Auto Detect DIMM/PCI Clk

Common Options : Enabled, Disabled

 

Quick Review

The Auto Detect DIMM/PCI Clk BIOS feature determines whether the motherboard should actively reduce EMI (Electromagnetic Interference) and reduce power consumption by turning off unoccupied or inactive PCI and memory slots.

When enabled, the motherboard will query the PCI and memory (DIMM) slots when it boots up, and automatically turn off clock signals to unoccupied slots. It will also turn off clock signals to occupied PCI and memory slots, but only when there is no activity.

When disabled, the motherboard will not turn off clock signals to any PCI or memory (DIMM) slots, even if they are unoccupied or inactive.

It is recommended that you enable this feature to save power and reduce EMI.

[adrotate banner=”5″]

 

Details

All clock signals have extreme values (spikes) in their waveform that create EMI (Electromagnetic Interference). This EMI interferes with other electronics in the area. There are also claims that it allows electronic eavesdropping of the data being transmitted. To reduce this problem, the motherboard can either modulate the pulses (see Spread Spectrum) or turn off unused AGP, PCI or memory clock signals.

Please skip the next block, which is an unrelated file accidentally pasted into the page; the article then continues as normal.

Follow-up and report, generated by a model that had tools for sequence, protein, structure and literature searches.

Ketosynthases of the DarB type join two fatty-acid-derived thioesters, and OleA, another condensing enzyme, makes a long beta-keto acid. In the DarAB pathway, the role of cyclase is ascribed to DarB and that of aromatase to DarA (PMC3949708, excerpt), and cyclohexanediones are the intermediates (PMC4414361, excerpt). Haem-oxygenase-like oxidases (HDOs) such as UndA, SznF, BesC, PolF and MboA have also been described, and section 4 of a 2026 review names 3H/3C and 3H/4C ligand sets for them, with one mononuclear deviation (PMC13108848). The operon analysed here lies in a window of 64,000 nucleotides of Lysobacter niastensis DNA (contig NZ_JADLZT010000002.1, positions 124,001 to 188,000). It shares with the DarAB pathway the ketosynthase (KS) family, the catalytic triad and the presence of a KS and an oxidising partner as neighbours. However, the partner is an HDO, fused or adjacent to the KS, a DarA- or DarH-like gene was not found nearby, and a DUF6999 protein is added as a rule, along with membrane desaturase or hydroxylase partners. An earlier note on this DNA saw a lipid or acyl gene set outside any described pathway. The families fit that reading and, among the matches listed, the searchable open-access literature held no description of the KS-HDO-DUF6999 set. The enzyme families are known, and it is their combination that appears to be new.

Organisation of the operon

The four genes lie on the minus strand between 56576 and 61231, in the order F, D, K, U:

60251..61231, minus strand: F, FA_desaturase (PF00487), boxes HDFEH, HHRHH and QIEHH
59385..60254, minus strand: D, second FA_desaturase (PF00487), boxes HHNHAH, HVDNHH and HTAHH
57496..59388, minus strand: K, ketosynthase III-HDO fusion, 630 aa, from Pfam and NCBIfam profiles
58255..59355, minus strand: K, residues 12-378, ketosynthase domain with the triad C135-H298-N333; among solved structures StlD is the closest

The Auto Detect DIMM/PCI Clk BIOS feature determines whether the motherboard should actively reduce EMI and reduce power consumption by turning off unoccupied or inactive PCI and memory slots. It is similar to the Smart Clock option of the Spread Spectrum BIOS feature.

When enabled, the motherboard will query the PCI and memory (DIMM) slots when it boots up, and automatically turn off clock signals to unoccupied slots. It will also turn off clock signals to occupied PCI and memory slots, but only when there is no activity.

When disabled, the motherboard will not turn off clock signals to any PCI or memory (DIMM) slots, even if they are unoccupied or inactive.

This method allows you to reduce the motherboard’s EMI levels without compromising system stability. It also allows the motherboard to reduce power consumption because the clock signals will only be generated for PCI and memory slots that are occupied and active.

The choice of whether to enable or disable this feature is really up to your personal preference. But since this feature reduces EMI and power consumption without compromising system stability, it is recommended that you enable it.

 

Support Tech ARP!

If you like our work, you can help support our work by visiting our sponsors, participating in the Tech ARP Forums, or even donating to our fund. Any help you can render is greatly appreciated!